Chronic Viral Hepatitis

The liver is a very important organ in the body — it acts as the body’s main factory. Chronic viral hepatitis is a condition that severely impacts it. Among the liver’s many functions, it destroys poisonous substances, stores minerals, regulates fat storage, breaks down medication, and changes food into energy, hormones, immune factors, and proteins.

Hepatitis is an inflammation of the liver. It produces swelling and sometimes presents permanent damage. It is caused by a number of things including drugs, chemicals, alcohol and viral infections. If the liver is inflamed for at least six months or longer, then the condition is referred to as chronic hepatitis. Chronic Viral Hepatitis

There are currently five known viruses that cause viral hepatitis.

  1. Viral Hepatitis A: Spread by eating food or drinking water that is contaminated with human feces. Also known as “infectious hepatitis,” this type of viral hepatitis is not typically life-threatening.
  2. Viral Hepatitis B: Spread from mother to child at birth or soon after, through sexual contact, or through contaminated blood transfusions and needles. Also known as “serum hepatitis,” this form of viral hepatitis may lead to cirrhosis, or severe scarring of the liver.
  3. Viral Hepatitis C: One of the most common forms of viral hepatitis, this form is spread through blood transfusions and contaminated needles. For a large amount of patients, the cause is unknown. It can also lead to cirrhosis.
  4. Viral Hepatitis D: Found among IV drug users who are carriers of the hepatitis B virus. It is spread only in the presence of hepatitis B and is considered a serious health problem.
  5. Viral Hepatitis E: Found most often in people who live in countries with poor sanitation. Similar to viral hepatitis A, this form of viral hepatitis is rare in North America, and is rarely life-threatening.

Acute hepatitis, which is typically caused by type A and E, is the initial infection and may be mild or severe. Chronic hepatitis, which can be caused by type  B, C, and D, are major health concerns.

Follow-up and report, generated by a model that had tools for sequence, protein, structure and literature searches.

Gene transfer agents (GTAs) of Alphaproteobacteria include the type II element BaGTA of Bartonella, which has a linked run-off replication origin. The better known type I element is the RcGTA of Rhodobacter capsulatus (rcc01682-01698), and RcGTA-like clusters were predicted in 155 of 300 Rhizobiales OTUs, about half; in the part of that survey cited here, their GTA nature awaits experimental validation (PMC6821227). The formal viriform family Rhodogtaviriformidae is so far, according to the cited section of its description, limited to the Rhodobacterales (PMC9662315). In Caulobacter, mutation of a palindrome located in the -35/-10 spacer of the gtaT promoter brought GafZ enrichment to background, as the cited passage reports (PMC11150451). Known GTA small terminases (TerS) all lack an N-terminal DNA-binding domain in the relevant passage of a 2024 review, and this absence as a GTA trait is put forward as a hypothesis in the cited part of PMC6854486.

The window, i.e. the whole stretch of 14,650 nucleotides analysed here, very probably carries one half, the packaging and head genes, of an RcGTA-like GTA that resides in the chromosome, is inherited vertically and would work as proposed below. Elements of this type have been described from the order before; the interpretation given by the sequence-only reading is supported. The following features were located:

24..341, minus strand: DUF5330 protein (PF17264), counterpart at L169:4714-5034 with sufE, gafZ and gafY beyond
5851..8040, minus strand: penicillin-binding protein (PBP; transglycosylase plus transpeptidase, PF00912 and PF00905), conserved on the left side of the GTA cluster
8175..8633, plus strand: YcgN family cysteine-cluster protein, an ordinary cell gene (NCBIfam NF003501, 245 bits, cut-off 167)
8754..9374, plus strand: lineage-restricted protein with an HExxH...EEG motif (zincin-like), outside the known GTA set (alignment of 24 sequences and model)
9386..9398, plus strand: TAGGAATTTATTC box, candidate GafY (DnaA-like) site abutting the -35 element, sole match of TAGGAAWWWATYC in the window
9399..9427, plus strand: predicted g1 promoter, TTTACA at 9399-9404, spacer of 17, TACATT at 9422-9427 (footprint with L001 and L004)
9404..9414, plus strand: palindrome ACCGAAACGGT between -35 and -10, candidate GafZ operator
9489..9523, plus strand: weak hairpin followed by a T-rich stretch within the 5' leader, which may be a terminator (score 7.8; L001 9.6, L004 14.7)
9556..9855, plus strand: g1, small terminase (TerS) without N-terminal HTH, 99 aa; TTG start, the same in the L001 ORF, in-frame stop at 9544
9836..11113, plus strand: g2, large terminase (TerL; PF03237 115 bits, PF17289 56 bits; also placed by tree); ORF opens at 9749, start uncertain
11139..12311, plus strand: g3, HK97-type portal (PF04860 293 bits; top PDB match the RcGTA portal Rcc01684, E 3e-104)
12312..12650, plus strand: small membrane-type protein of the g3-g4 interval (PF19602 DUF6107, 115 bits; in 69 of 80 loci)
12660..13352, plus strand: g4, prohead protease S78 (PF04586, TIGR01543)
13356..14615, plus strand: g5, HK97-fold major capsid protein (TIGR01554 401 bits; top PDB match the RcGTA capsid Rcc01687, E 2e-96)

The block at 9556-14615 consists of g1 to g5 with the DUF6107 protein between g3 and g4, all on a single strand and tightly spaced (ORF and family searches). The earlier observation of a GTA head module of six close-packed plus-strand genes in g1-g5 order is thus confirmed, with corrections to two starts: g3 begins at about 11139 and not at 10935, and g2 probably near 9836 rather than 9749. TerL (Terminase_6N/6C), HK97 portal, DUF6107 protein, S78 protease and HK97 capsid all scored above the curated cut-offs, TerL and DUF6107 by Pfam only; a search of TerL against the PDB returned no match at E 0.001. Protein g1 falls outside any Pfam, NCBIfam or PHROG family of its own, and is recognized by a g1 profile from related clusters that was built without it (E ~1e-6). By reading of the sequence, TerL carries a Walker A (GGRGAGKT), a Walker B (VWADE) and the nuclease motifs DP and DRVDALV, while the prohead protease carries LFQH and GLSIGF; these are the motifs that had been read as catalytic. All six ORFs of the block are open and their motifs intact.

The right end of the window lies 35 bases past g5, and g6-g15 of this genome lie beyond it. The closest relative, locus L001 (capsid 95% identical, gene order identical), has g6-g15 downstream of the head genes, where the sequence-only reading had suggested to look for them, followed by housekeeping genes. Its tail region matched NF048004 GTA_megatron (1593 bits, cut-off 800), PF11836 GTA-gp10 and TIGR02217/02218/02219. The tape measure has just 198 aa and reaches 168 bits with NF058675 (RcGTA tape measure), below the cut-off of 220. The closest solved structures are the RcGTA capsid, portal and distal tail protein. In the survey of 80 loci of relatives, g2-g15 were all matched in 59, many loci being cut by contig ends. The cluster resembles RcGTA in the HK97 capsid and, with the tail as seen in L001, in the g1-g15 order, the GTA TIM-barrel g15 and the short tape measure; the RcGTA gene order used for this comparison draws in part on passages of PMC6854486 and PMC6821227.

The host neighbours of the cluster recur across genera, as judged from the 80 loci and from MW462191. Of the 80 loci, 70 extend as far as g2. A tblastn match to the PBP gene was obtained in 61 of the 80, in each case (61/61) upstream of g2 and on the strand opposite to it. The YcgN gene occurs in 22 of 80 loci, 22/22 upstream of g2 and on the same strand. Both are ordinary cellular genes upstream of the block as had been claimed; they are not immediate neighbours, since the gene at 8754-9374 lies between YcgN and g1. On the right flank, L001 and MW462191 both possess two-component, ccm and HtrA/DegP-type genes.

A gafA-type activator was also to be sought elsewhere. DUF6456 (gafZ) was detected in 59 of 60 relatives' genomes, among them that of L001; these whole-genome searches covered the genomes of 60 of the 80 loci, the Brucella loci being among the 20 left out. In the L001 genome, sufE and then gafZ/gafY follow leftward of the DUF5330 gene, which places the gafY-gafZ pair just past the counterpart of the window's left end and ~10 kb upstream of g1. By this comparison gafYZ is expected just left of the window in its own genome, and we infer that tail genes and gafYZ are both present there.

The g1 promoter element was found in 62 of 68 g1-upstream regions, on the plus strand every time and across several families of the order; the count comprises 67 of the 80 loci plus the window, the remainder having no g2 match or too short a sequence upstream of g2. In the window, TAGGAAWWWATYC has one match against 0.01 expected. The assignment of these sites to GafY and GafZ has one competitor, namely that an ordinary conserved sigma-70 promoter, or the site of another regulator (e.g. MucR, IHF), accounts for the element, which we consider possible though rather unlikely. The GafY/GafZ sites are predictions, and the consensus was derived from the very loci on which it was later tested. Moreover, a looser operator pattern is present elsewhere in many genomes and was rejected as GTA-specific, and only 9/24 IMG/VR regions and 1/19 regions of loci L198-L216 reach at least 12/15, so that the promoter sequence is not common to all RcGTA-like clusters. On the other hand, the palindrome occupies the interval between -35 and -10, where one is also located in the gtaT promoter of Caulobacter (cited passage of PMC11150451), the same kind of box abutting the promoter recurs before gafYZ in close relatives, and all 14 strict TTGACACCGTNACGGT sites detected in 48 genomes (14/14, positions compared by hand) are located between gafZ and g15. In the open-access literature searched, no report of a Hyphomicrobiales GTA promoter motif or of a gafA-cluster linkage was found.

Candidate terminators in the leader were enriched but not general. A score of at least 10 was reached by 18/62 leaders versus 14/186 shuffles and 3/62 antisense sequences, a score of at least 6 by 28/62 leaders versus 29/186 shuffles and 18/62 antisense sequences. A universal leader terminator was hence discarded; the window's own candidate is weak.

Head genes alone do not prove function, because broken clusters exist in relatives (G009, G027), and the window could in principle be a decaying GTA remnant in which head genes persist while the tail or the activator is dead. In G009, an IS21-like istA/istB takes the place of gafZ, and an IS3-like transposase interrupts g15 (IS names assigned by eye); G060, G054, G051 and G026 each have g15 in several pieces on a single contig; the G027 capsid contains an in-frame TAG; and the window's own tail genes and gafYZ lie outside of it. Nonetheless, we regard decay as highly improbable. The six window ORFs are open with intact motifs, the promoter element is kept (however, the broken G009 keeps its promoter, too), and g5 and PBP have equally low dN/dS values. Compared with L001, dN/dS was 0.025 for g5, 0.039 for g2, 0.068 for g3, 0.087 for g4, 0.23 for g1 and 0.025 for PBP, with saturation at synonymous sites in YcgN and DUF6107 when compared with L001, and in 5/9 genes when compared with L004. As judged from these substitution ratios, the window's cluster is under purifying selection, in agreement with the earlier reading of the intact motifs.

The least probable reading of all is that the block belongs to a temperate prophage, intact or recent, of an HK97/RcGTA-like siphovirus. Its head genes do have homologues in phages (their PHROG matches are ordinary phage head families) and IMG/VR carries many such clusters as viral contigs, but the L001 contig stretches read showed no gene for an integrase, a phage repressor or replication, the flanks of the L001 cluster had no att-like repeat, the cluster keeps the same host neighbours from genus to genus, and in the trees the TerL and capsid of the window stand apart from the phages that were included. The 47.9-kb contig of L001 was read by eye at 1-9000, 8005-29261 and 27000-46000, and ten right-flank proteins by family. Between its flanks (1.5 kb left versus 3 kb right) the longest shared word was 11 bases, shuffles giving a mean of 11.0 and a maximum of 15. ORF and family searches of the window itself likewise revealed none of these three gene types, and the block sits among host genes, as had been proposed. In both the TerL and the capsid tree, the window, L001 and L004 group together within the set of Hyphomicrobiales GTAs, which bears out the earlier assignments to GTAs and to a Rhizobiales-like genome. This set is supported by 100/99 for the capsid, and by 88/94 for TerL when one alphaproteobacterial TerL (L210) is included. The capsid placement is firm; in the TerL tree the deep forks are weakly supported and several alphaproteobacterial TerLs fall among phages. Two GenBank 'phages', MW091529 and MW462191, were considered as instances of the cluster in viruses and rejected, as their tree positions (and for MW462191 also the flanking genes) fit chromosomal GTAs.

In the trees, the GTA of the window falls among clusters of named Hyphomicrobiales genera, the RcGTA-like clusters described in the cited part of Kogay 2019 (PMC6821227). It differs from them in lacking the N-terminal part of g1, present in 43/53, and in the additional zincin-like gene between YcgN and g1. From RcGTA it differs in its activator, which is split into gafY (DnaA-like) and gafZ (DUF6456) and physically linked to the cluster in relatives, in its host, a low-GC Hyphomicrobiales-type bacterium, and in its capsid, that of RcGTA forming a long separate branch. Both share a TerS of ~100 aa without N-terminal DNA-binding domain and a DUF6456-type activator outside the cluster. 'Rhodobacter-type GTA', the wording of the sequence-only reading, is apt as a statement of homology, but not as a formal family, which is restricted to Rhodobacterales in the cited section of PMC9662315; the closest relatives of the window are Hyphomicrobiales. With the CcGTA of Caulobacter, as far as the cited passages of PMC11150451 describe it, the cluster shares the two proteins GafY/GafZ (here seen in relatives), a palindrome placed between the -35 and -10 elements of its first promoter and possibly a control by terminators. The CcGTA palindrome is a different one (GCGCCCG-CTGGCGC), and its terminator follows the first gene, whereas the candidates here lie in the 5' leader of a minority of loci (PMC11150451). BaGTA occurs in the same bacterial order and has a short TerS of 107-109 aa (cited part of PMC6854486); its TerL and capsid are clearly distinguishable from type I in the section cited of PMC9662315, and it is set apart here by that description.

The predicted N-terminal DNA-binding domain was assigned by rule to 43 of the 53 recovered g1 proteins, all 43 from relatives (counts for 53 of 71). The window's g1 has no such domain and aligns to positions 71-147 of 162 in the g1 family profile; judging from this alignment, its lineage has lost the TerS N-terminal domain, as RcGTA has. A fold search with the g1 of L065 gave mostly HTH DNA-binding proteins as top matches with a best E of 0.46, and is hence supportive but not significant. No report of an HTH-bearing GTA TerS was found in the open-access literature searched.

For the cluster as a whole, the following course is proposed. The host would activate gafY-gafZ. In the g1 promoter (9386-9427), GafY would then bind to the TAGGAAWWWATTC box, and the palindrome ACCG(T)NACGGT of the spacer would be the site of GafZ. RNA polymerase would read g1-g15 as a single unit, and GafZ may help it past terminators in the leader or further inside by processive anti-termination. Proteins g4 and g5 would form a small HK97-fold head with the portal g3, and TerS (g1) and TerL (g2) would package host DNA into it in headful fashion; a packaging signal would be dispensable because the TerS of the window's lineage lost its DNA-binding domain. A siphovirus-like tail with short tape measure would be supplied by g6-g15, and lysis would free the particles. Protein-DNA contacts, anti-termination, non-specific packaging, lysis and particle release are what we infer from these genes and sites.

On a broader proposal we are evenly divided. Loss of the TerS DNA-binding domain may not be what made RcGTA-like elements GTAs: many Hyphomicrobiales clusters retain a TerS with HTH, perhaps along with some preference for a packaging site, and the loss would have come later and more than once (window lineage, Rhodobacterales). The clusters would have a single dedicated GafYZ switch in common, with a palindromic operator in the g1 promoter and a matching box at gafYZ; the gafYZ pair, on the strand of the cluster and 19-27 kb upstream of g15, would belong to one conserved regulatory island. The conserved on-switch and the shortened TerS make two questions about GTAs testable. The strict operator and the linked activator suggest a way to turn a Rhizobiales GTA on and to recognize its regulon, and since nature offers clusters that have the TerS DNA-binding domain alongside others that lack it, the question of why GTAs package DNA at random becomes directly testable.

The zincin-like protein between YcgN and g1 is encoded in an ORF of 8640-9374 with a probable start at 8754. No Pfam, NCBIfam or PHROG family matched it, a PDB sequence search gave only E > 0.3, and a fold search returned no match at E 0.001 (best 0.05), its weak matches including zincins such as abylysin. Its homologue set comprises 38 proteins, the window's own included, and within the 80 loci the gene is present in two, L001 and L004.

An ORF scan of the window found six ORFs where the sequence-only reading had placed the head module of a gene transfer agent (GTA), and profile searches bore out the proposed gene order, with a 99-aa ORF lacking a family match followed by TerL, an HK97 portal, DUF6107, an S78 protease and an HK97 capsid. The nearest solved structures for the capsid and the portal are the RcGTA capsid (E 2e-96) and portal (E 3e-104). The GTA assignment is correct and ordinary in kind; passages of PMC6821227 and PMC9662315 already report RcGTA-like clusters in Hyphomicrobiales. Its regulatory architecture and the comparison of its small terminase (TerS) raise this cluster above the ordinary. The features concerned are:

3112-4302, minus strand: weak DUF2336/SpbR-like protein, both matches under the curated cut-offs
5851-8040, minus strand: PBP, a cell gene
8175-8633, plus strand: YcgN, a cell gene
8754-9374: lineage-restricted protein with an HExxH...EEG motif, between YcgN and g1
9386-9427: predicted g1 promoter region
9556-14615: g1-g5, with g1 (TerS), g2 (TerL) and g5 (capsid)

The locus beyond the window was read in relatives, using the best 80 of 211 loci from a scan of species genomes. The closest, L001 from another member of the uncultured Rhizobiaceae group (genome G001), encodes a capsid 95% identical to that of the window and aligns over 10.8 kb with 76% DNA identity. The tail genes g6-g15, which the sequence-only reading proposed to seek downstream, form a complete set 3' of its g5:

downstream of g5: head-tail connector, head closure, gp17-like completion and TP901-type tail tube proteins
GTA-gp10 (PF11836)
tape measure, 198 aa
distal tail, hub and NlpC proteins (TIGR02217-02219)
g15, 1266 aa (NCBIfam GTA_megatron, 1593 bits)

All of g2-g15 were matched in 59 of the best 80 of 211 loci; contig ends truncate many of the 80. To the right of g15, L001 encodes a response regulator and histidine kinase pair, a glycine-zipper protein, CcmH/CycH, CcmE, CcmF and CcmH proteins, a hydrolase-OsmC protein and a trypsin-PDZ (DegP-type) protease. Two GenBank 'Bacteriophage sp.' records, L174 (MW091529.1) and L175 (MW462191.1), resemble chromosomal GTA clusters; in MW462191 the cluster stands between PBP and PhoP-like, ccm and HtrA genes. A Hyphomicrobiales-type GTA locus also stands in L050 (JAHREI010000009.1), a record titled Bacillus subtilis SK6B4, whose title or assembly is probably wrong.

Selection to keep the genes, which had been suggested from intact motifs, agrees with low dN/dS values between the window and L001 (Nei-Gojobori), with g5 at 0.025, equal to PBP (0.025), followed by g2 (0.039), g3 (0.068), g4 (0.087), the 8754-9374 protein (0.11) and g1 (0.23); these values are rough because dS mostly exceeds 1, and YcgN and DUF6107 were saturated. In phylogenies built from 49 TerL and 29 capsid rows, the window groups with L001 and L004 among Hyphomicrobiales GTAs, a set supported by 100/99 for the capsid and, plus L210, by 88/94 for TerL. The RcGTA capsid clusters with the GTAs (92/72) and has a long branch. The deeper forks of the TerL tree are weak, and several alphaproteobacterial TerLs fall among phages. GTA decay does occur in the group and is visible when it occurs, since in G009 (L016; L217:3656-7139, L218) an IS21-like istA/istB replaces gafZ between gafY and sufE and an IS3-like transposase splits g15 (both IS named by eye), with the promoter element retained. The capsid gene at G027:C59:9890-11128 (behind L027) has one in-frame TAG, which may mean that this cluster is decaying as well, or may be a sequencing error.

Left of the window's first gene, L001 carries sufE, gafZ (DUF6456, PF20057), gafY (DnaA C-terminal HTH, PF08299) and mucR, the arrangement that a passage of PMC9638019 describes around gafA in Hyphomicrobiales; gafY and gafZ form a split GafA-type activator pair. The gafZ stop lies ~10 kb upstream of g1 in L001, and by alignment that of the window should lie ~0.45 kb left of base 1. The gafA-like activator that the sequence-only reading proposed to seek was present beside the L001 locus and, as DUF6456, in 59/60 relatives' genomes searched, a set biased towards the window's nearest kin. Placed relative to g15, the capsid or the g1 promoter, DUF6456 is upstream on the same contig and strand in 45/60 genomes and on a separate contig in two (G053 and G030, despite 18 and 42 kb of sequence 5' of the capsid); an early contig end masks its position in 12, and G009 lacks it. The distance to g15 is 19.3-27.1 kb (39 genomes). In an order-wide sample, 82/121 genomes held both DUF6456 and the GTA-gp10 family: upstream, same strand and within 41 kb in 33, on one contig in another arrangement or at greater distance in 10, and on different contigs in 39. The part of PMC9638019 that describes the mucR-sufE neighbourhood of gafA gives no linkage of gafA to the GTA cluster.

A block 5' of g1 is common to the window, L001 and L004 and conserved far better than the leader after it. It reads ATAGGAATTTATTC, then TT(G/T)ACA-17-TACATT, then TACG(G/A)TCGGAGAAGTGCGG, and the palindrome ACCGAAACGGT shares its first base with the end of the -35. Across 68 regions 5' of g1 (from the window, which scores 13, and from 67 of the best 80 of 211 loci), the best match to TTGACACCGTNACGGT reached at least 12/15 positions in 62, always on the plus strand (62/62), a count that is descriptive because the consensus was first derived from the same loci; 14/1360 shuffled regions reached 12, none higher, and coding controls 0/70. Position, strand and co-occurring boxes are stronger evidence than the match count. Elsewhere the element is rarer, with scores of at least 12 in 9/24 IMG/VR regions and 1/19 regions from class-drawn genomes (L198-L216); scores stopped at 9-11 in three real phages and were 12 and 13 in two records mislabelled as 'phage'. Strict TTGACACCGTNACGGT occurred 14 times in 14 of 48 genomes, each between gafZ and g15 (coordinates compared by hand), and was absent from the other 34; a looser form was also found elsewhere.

It is also possible that a person can be a carrier for hepatitis B, C, or D virus in their blood even though they do not show signs of symptoms. However, because the virus is in the blood, it can still be transmitted to others. Blood tests can determine if someone is a carrier.

What are the Symptoms of Chronic Viral Hepatitis?

Many cases of viral hepatitis go undiagnosed because the symptoms are similar to the flu. In some cases, there are no symptoms at all. Some people may develop nausea, fatigue, vomiting, diarrhea, abdominal discomfort, muscle and joint aches,  jaundice, and changes in the color of urine and stools. If you believe that you have been exposed to viral hepatitis, call your doctor and schedule an appointment immediately. The doctor will examine your medical history, take a blood test, and perform a physical examination. Hospitalization is not typically required unless a person is unable to keep down foods and liquids over a period of time.

Will I Need a Liver Biopsy?

Liver bisopy is a procedure where a small piece of liver is extracted and analyzed under a microscope. This procedure is typically performed to confirm the diagnosis of viral hepatitis and to determine the degree of damage the virus has caused.

What is the Treatment for Chronic Viral Hepatitis?

After your doctor classifies what type of viral hepatitis you have, a treatment program can be discussed.  Exercise, a nutritious diet, and alcohol abstinence are all recommend measures for treating viral hepatitis. People with hepatitis A or E should not prepare or handle food eaten by other people.

Tips for Preventing Chronic Viral Hepatitis

  • Vaccines are available to protect people against hepatitis A & B
  • Good sanitation and personal hygienic can help reduce the spread of hepatitis A and E
  • Boil water if you think it has been contaminated
  • Avoid eating shell fish from contaminated waters
  • Wash hands, eating utensils, bedding, and clothing in soap and water
  • Avoid exposure to blood or body fluids of infected persons
  • Do not share razors, scissors, nail files, needles, or toothbrushes

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